From the Spring 2023 issue of the Isa Informer
By Lorenzo Lasater, President
Isa Beefmasters is pleased to report some exciting results in two separate research projects. The results are a testimony to the investment we have placed in pushing the genetic envelope and making L Bar Beefmaster genetics ever more useful to the beef cattle industry worldwide. I’ll examine in this article the Noble Research Institute study in Ardmore, OK, which focuses on replacement females and carcass data.
1. Will they color up the calves?
2. Will they grade?
As our customers know, Isa Beefmasters has been working on color-uniformity for most of my career. We have eliminated any kind of paints, brindles or other color patterns the commercial sector dislikes. About 5% of the bulls we sell annually might have a small amount of white on their belly or face, but that is the extent of it. If you breed L Bar bulls to solid black or red cows, you will get solid-colored calves.
As to the second question, the prevailing thought is the Brahman-influenced or Bos Indicus-influenced cattle will have low-quality grades. This issue is true in some breeds, and certainly true of some genetic lines within breeds. As we’ve heard it said: There is more quality variation within one breed than between quality cattle of different breeds. Overall quality can vary significantly depending on the program and what the herdsman considers important.
At Isa Beefmasters, we believe the success of the commercial beef cattle producers who buy our bulls is important. We want them to provide calving ease, adaptability, growth, and heavy, healthy calves to the weaning pen. We want the feeder steers to gain fast, convert efficiently, be sickness free, and grade and yield well. We want the replacement females to be fertile, early maturing, easy-keeping, gentle, and have long productive lives raising big calves. To me, these things make beautiful and profitable cattle. The loyal customers who buy our bulls feel the same.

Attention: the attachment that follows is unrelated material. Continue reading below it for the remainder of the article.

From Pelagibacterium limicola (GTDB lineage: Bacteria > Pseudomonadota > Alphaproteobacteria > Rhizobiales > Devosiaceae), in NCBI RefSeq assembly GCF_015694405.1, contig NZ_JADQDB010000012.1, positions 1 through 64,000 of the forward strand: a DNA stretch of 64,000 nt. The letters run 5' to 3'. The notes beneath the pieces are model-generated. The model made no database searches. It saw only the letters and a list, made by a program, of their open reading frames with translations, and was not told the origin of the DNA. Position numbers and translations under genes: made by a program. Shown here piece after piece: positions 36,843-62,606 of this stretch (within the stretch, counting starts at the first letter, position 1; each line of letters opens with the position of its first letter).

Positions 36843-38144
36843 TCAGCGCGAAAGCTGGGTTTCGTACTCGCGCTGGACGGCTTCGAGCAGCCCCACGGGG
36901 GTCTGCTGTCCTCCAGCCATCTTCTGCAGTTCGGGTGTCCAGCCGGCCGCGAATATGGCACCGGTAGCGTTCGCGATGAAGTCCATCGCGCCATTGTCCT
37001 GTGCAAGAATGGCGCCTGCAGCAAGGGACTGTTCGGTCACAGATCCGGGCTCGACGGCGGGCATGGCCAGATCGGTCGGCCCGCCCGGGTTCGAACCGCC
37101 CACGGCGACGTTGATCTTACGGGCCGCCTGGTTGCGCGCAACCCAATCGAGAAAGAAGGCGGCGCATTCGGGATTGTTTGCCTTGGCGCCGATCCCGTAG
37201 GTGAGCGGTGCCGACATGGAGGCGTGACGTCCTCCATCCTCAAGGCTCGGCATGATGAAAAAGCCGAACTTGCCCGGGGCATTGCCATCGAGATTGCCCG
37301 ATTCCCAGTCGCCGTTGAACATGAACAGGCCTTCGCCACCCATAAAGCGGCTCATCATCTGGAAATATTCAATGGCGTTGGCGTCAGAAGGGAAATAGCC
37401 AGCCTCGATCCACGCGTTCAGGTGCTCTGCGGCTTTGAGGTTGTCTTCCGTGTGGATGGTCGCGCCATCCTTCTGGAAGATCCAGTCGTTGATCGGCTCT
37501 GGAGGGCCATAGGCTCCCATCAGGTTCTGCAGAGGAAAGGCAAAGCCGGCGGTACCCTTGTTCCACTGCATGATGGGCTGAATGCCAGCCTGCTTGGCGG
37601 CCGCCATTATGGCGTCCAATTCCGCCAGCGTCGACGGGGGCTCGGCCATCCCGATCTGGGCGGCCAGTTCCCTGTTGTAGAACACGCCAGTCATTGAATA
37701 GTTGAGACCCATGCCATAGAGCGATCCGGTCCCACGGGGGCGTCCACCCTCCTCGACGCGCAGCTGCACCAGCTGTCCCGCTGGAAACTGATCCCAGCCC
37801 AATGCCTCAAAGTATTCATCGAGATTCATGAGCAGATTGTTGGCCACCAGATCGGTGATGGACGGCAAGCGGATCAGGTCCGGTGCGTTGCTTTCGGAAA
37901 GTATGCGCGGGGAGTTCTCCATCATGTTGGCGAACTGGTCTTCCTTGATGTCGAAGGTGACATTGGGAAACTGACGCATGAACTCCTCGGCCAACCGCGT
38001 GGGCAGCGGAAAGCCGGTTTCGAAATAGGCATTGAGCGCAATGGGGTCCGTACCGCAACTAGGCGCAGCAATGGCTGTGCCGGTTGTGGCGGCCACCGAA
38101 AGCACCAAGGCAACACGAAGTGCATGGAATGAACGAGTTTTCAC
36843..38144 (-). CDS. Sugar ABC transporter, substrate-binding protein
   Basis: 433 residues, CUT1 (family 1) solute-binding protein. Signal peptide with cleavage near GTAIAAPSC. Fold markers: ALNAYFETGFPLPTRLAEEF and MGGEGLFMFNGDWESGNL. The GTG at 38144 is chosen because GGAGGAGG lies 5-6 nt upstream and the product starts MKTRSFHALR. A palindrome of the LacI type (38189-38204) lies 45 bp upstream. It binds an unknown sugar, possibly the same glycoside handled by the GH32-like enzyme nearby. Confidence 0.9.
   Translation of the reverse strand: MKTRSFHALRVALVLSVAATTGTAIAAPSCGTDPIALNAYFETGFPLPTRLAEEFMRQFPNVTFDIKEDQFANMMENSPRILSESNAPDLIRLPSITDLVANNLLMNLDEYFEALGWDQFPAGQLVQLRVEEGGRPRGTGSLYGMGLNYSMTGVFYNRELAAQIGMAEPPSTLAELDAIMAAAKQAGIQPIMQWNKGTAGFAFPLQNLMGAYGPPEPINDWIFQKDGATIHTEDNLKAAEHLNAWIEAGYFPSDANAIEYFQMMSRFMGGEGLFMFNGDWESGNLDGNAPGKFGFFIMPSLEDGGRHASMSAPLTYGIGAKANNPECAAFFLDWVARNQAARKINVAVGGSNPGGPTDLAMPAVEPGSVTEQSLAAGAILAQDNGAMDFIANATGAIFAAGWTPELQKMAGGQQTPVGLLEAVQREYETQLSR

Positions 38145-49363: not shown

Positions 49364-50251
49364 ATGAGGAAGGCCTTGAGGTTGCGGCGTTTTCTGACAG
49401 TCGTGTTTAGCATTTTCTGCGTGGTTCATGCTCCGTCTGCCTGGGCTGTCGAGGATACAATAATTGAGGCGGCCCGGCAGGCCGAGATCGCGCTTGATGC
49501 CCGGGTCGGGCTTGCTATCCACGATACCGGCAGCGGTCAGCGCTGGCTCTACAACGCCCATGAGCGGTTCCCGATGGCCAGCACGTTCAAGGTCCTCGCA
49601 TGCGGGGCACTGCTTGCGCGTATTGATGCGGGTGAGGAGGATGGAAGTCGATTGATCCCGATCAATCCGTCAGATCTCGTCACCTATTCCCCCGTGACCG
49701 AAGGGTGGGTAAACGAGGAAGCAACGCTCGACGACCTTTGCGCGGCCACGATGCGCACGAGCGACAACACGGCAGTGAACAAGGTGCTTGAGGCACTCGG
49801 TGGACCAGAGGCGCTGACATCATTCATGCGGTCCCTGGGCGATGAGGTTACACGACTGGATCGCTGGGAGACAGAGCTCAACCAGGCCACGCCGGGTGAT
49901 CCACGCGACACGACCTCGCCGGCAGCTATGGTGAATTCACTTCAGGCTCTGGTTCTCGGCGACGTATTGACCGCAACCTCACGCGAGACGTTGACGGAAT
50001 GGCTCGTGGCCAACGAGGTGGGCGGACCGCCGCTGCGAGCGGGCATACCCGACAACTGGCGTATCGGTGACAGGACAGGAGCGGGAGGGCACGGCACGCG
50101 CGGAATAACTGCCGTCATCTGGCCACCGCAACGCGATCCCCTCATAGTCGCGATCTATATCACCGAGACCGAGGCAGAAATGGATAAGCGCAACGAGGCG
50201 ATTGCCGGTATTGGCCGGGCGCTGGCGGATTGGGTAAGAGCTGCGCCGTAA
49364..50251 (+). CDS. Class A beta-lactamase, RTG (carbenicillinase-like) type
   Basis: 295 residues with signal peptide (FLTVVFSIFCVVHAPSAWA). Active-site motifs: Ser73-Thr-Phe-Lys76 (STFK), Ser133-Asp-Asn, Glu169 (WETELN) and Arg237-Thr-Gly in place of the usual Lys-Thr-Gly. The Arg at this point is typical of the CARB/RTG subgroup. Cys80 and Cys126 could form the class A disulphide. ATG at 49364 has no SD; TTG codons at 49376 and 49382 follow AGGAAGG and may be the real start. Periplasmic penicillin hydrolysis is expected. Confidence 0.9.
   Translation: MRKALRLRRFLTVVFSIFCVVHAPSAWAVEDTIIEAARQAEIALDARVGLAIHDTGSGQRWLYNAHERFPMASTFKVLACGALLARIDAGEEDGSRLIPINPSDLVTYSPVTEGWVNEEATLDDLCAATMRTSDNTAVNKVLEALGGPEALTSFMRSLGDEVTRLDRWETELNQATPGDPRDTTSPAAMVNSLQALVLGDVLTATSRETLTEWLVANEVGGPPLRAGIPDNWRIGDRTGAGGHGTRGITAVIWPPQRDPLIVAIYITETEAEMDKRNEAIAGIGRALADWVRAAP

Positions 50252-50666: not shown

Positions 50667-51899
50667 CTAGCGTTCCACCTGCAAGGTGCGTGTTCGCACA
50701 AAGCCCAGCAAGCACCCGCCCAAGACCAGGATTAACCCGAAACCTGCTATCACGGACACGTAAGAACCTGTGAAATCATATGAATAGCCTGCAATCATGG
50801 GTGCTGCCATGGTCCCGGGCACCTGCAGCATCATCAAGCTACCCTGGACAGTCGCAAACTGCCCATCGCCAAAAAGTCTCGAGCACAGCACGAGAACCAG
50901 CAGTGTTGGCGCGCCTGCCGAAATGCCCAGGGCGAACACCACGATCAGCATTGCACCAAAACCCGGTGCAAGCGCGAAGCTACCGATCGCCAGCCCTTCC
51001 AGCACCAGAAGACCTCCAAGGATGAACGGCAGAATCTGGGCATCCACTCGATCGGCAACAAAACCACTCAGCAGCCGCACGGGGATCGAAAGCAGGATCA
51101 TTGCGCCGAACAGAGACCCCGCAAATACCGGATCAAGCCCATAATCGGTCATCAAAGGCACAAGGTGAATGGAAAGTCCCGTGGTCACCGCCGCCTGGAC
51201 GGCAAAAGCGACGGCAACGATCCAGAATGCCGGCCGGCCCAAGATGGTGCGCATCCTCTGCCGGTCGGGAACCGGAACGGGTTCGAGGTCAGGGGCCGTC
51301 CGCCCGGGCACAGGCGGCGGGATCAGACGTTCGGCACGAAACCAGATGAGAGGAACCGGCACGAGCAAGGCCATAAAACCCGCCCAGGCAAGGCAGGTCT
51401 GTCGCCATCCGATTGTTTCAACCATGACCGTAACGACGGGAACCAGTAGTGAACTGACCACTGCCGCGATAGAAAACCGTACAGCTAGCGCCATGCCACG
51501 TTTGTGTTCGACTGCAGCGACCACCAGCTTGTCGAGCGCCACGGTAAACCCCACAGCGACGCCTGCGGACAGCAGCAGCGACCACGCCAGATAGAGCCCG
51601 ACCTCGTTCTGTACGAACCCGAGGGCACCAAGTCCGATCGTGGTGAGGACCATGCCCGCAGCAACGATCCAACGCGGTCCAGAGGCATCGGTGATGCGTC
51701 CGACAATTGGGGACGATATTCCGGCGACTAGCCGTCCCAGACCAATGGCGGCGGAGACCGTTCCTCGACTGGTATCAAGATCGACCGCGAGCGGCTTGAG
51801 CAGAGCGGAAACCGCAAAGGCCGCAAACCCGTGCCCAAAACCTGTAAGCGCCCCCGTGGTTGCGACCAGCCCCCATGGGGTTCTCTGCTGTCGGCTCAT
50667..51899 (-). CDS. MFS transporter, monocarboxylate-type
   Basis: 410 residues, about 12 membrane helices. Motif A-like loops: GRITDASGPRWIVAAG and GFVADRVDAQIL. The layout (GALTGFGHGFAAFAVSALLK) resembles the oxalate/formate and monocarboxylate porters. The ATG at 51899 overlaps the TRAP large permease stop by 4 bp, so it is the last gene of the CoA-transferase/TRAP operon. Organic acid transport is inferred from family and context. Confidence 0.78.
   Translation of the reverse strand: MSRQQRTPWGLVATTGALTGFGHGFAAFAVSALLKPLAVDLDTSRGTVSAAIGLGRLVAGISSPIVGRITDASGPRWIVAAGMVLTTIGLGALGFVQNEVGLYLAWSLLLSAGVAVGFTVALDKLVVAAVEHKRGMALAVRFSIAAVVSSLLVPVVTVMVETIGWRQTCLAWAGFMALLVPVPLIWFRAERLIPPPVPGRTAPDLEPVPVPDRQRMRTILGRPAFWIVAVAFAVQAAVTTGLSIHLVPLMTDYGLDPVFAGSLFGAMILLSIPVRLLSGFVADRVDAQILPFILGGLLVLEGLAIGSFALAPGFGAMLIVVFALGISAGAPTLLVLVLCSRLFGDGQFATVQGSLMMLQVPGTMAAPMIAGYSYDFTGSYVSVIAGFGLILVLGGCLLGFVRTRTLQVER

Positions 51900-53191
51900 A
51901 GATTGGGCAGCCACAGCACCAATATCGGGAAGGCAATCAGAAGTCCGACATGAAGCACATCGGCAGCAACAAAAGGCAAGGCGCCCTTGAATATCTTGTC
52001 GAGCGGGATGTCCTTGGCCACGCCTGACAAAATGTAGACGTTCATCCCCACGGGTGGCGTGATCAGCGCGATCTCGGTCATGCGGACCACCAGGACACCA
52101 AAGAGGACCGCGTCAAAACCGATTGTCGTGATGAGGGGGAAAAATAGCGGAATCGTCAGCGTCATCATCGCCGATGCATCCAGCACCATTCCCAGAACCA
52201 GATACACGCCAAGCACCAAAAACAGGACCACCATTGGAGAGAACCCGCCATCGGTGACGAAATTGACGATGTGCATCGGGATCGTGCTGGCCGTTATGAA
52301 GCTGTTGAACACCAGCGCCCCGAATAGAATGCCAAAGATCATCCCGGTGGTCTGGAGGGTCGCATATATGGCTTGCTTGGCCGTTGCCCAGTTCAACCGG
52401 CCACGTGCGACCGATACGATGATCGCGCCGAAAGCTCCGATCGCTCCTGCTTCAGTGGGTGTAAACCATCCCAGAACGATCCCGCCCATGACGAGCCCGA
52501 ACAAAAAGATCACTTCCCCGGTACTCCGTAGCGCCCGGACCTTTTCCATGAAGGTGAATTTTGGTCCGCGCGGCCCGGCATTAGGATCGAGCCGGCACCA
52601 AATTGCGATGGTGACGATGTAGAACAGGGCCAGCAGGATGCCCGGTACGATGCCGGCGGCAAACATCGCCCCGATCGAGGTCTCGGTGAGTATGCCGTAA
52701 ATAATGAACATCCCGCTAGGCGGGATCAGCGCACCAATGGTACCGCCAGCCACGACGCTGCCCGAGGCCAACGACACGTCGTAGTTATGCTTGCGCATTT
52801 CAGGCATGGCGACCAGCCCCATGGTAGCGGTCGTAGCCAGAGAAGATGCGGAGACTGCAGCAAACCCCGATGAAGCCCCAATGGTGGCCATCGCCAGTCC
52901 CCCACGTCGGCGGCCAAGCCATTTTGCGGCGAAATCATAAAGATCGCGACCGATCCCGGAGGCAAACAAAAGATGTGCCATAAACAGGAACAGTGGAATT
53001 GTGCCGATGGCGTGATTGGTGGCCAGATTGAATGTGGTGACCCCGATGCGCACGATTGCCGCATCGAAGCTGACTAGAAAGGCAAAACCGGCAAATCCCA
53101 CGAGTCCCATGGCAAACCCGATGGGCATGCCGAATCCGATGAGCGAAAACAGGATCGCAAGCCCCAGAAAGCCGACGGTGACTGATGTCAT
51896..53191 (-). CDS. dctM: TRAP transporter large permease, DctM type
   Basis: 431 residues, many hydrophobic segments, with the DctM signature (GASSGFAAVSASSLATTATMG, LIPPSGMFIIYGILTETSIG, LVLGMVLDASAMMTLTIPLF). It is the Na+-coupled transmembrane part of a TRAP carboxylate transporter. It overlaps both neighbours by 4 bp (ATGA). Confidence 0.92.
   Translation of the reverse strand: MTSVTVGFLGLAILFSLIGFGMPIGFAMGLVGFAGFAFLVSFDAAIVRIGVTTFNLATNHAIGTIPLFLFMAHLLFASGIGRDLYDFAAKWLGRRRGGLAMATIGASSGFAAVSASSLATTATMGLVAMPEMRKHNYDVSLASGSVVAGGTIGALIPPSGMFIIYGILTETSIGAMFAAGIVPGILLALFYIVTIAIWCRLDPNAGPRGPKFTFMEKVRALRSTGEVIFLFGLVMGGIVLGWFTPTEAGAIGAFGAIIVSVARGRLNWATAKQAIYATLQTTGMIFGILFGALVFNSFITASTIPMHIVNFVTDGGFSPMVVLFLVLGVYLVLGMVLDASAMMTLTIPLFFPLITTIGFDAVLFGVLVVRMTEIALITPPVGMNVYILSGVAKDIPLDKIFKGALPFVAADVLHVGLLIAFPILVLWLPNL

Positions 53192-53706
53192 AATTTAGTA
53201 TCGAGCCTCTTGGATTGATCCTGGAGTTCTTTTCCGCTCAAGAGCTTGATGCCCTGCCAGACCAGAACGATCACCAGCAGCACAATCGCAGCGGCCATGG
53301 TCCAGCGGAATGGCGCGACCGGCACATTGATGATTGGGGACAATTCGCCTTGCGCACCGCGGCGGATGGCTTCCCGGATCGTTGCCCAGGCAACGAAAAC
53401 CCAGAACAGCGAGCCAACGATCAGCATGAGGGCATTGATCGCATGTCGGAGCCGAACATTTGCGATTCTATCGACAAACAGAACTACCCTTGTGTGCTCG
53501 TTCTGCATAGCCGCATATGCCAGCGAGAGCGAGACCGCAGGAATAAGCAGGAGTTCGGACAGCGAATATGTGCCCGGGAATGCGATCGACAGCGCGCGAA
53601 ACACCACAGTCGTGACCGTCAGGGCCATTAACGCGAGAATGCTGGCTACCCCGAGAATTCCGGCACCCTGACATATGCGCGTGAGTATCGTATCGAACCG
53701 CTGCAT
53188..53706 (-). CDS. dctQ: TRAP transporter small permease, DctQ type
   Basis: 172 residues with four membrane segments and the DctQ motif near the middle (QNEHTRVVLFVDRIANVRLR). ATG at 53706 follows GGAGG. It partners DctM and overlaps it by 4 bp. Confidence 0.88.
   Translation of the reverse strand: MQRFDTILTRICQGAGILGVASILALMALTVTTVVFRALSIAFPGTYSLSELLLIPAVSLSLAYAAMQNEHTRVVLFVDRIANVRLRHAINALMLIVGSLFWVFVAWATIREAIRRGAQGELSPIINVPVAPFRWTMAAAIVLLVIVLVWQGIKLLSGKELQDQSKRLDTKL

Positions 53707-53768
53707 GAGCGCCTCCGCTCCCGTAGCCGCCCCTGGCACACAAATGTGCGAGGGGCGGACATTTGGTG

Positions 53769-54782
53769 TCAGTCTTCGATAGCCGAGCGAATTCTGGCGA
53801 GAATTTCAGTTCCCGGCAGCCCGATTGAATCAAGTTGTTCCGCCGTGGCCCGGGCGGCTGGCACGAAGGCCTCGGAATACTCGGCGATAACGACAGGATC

In order to answer the quality grade question more directly, we are in the process of feeding several groups of sire-identified calves in order to get the hard data. We have always had customers say, “My calves graded 75%,” so we knew L Bar Beefmasters were not hurting the grade, but those numbers are anecdotal, not scientific.
In 2020, we began a collaboration with Beefmaster Breeders United and the Noble Research Institute. They used two leading Beefmaster bulls (L Bar En Fuego, C988569, raised by Isa Beefmasters and owned by Gene Haymon; and CF Nueces, C1059662, raised by Collier Farms and owned by Jim Colvin). The sires were A.I-bred to Noble’s commercial Angus herd. Noble’s initial intent was to develop and study the replacement females, which is still ongoing.
In 2022, BBU was able to buy, feed and harvest the steers, with some truly fantastic results. As you can see in the chart on p. 1, the steers gained 4.47 pounds per day, finished in 160 days (30 days faster than projected), had 0% death loss, yielded 62.6% and graded 94% choice (industry average 75%). Additionally, West Texas A&M University conducted Warner Bratzler Shear Force (WBSF) tests, and the steers averaged 3.86kg. (Anything under 4.6kg is considered tender.) This phenomenal performance shows what can be achieved utilizing performance Beefmaster genetics in your crossbreeding program.
In summary, the fact that these steers graded 94% choice (against an industry average of 75%) clearly answers the “will they grade” question. But we have long maintained that there is more to profitability than just quality grade. These results show that true success lies in a combination of feedlot performance, health, grade and yield, and the critical, but hidden, trait of tenderness. These Beefmaster-sired steers absolutely rang the bell in every phase.
Stay up-to-date and receive your free subscription to the Isa Informer newsletter. Click here to sign-up, and we will start your subscription right away.
© ISA BEEFMASTERS 1996-2023 ALL RIGHTS RESERVED.